Soon, we walk to Aisha’s friend Michelle’s house, so that she can babysit Glendale for two hours before he goes to afternoon school. She lives on the busy, main street in town. The covered area under the balcony is a popular place for neighbors to gather at night to visit and talk. We sit on the chairs while Michelle consults her smart phone. Glendale eats an orange and then begins to dig around in the dirt with a stick. As he digs, he finds bottle caps in the dirt and starts digging them up and collecting them on a table. In a matter of minutes, he has found about 20 caps. When he is satisfied he has enough, he starts working with them on a table. With no guidance at all, he sorts the caps into different arrangements. He describes each arrangement to me as he finishes. “I put all shiny ones here and the scratched ones here!” I offer scaffolding by asking him the traits he has used to form the groups. He also creates shapes and pictures with the bottle caps. It’s a wonderful example of how learning can result from play with discarded items. When he is done, Michelle scoops up the bottle caps to throw them away. Glendale doesn’t worry; he knows there will be more the next time.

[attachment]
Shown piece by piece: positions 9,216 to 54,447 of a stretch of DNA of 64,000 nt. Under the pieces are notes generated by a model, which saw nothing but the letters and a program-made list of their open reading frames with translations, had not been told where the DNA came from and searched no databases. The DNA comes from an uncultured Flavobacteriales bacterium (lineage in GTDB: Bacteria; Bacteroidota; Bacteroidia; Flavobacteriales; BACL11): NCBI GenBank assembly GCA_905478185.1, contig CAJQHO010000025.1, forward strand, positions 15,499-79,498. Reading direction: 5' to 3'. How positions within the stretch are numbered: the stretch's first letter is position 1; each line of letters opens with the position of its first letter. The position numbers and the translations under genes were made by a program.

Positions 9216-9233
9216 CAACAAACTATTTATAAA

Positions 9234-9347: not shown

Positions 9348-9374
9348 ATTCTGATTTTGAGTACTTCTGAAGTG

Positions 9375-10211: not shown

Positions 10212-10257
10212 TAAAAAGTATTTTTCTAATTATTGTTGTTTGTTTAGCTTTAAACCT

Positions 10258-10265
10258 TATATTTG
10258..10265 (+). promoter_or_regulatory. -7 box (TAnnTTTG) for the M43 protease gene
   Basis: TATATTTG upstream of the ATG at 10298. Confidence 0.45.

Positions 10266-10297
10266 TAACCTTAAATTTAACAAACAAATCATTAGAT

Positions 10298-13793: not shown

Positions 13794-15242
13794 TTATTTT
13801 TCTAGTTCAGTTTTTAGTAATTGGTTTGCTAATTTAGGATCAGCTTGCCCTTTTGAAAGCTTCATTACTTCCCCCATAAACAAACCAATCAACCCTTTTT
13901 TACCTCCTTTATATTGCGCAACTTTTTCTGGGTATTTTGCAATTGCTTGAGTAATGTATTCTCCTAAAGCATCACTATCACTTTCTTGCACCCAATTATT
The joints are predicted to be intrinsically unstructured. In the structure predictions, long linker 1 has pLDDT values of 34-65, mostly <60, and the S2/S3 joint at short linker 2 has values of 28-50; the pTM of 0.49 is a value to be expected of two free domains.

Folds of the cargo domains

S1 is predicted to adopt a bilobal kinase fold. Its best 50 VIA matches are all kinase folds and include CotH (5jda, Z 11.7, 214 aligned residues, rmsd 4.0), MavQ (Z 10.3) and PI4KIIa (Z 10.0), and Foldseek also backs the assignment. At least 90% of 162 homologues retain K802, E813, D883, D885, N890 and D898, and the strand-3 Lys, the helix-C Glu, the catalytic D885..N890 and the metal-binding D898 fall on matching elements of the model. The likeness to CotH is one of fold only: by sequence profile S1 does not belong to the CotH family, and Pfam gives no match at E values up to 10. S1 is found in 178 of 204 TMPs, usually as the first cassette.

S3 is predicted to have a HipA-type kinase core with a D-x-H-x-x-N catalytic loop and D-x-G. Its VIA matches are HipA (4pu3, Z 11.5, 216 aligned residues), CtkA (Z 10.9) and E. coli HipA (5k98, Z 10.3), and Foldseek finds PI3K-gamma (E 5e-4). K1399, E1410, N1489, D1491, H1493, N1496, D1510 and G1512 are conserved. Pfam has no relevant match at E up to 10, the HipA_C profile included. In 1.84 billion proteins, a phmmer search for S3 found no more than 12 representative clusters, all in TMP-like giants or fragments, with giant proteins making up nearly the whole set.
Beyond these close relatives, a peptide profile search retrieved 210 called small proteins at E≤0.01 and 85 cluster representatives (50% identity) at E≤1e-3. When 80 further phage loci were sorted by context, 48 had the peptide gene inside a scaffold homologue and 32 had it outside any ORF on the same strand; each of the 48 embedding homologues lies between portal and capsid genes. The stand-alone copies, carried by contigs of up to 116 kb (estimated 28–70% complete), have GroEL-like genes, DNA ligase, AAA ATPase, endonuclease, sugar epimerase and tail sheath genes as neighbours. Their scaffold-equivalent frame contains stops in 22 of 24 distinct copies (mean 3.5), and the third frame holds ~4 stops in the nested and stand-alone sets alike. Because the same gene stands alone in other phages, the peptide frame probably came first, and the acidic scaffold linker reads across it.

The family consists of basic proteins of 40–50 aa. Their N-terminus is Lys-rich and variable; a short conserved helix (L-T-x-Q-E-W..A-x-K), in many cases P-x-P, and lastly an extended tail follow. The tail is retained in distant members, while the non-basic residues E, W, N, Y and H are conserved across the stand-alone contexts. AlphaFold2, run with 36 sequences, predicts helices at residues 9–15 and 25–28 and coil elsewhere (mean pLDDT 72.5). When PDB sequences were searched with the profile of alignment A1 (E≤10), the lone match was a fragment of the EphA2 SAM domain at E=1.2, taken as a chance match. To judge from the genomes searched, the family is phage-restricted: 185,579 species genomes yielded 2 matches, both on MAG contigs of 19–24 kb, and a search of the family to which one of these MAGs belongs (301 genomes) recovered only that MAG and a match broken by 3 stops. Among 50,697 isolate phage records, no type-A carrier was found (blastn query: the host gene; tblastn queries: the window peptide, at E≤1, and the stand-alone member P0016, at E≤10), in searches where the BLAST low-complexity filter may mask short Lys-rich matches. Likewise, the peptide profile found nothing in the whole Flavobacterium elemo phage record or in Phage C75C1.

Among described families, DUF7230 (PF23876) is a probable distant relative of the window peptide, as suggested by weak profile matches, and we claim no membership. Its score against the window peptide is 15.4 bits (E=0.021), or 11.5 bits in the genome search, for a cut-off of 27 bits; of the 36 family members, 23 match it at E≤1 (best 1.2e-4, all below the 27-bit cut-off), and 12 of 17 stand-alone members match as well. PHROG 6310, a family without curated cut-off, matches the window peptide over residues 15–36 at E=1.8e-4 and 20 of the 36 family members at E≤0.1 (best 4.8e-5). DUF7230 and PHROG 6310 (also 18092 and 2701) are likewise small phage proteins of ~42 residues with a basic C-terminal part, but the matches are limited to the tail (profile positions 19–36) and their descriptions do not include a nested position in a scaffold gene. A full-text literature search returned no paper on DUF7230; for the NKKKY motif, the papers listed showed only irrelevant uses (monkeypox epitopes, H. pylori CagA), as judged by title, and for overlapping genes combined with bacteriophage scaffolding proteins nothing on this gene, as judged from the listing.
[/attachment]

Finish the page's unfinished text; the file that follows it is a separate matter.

Later at preschool, Glendale is able to play with such commercially produced items as Mega-blocks and other manipulatives that have been purchased or donated to the school. The children sing songs and repeat prayers, and the teacher leads them in a lesson on letter sounds with a short book. He and all the children follow along, excited about being together and learning more. Here, just as the sweet water is close at hand, so is the promise of the future through learning and living with whatever materials are present.



Casey, E., & DiCarlo, C. (2015). Play traditions in the Garifuna culture of Belize. IPA/USA e-journal.

Halcrow Group Limited. (2010). Government of Belize and the Caribbean Development Bank country poverty assessment final report. Retrieved from

Kurti, R. S., Kurti, D. L., & Fleming, L. (2014). The philosophy of educational makerspaces: Part 1 of making an educational makerspace. Teacher Librarian, 41(5), 8-11.

Thomson, P. (2004). Belize: A concise history. Oxford, England: Macmillan Education.